Iraq Says ISIS Blew Up Mosul's Historic Great Mosque Of Al-Nuri

(AP Photo/Maya Alleruzzo, File). The black flag no longer flies from the tipping minaret.

The Iraqi military's media office distributed a picture taken from the air that appeared to show the mosque and minaret flattened in the middle of the small houses of the Old City, the historic district where the militants are besieged.

(AP Photo/Jerome Delay, File). In the background is the leaning minaret.

Soldiers in Mosul tell VOA that IS wanted to destroy the mosque in advance of an Iraqi and Coalition victory over the group in Mosul.

The mosque, also known as Mosul's Great Mosque, is where Daesh leader Abu Bakr al-Baghdadi declared a socalled Islamic caliphate in 2014 - which is when the had group initially tried to destroy the leaning minaret, which had stood for more than 840 years.

Syrian forces have also been accused of pillaging sites after recapturing them from ISIS or rebels fighting the regime of President Bashar Al-Assad. Federal police earlier this year said they looked forward to praying in al-Nuri - but the resistance continued.

Reuters reported that the bombing allegedly happened during a raid by the Iraqi forces, and Iraq Prime Minister Haider al-Abadi said the act of destroying the mosque served as an announcement of ISIS's defeat.

The "Night of Power" commemorates when the Quran was revealed to the Prophet Muhammad during the holy month of Ramadan, which is in its waning days.

Nur al-Din's Great Mosque was distinguished by its elaborate minaret, which climbed to a height of 150 feet.

"We received 12 people killed and more than 20 wounded in our field hospital, including women and children", Ahmed Hashem told AFP from a nearby field hospital.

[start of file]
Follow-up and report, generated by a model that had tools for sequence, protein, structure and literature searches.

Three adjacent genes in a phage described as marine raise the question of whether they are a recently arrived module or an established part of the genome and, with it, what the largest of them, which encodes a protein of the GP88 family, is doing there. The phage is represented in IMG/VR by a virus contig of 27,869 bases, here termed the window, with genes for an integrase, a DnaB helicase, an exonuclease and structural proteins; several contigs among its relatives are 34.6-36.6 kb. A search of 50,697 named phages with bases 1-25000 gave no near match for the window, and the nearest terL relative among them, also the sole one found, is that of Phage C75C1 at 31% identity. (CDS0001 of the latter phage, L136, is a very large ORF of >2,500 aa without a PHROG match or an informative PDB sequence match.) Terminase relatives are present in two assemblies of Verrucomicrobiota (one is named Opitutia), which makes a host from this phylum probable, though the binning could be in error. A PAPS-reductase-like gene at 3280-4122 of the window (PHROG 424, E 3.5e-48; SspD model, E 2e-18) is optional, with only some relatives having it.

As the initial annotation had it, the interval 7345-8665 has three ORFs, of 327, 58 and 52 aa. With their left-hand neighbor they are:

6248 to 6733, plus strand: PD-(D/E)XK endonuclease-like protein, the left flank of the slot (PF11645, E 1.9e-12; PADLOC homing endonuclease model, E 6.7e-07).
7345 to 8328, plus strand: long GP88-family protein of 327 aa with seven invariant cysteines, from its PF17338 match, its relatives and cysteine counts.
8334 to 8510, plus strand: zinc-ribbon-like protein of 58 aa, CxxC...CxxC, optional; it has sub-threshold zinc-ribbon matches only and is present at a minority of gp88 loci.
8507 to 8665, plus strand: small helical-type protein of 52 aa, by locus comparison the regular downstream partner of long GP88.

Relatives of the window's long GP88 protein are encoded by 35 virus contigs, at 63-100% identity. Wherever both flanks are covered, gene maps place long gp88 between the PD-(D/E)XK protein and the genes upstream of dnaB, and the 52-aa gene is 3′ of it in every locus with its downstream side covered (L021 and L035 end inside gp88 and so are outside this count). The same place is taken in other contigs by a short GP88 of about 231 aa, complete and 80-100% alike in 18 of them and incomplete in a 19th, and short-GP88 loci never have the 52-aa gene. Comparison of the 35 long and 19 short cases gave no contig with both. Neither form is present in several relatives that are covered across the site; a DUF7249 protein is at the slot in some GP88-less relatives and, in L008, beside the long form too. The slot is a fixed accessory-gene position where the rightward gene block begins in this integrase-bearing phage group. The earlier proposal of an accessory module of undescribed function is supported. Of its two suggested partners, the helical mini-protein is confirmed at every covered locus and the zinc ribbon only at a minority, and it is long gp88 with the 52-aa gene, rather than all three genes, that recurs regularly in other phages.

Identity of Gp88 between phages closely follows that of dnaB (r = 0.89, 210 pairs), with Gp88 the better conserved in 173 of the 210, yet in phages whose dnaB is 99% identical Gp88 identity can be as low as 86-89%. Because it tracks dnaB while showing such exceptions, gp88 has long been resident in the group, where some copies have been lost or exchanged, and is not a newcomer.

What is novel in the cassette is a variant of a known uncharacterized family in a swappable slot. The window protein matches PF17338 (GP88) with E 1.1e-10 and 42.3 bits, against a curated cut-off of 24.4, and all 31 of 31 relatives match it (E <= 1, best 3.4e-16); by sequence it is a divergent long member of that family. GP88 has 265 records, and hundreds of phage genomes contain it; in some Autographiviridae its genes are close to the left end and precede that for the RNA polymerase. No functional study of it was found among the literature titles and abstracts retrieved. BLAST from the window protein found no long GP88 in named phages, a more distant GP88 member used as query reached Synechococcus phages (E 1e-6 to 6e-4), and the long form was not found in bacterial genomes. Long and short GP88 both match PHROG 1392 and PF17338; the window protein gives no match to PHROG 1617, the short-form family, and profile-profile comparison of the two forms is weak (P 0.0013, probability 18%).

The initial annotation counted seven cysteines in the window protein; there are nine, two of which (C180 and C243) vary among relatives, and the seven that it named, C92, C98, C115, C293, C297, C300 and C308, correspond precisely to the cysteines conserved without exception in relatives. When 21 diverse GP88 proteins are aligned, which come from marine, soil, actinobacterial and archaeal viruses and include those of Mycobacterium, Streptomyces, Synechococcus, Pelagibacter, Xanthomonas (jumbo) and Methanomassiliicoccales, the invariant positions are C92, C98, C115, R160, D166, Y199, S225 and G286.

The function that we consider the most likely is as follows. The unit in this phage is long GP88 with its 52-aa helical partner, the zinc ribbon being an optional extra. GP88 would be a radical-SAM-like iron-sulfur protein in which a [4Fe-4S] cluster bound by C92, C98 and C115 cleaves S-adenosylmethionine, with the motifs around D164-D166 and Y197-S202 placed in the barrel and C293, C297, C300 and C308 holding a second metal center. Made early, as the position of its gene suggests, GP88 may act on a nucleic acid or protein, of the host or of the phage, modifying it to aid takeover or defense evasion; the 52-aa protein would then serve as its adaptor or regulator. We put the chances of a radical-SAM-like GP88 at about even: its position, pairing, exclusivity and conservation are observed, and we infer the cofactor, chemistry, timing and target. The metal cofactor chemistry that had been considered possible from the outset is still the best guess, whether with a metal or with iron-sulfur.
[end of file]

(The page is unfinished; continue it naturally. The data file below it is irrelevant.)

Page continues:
"It is the city's icon, I can say that Mosul has died", the longtime resident added.

Amaq, the news agency of ISIS, said United States warplanes were responsible for the destruction of the mosque, a charge USA officials vehemently denied, saying that there were no U.S. airstrikes in the area at the time. "And we will build a thousand minarets after kicking out ISIS, who were sent to us to carry out agendas that attempt to eradicate the Sunnis and erase them from this city".

ISIS militants have targeted other historic sites for destruction, including ancient outdoor structures and artifacts in museums in Syria. Both Iraq and the USA said ISIL blew up the al-Nuri mosque in Mosul. Gen. Joseph M. Martin, commanding general of Combined Joint Forces Land Component Command-Operation Inherent Resolve. "What is surprising about this case is that it was important to the narrative of Islamic State".

The armed group have lost much of their territory over the last three years, and Mosul is their last urban bastion in Iraq.

The U.N. special envoy to Iraq, Ján Kubiš, said that the Islamic State's decision to blow up the mosque was "a clear sign" of the group's imminent collapse.

Iraq's Prime Minister said the destruction of the iconic mosque is ISIL's 'declaration of defeat'. Satellite photographs of St. Elijah's Monastery released in 2016 showed a number of rooms at the complex had been ruined after ISIS gained control of Iraqi forces in the area.

They continue to fight on, and will eventually liberate all of Mosul. While Iraqi forces have experienced periods of swift gains, combat inside the city has largely been grueling and deadly for both Iraqi forces and civilians.

The destruction caused anger and grief for Mosul's people, who affectionately call the tower al-Hadba, or "the hunchback".

  • Zachary Reyes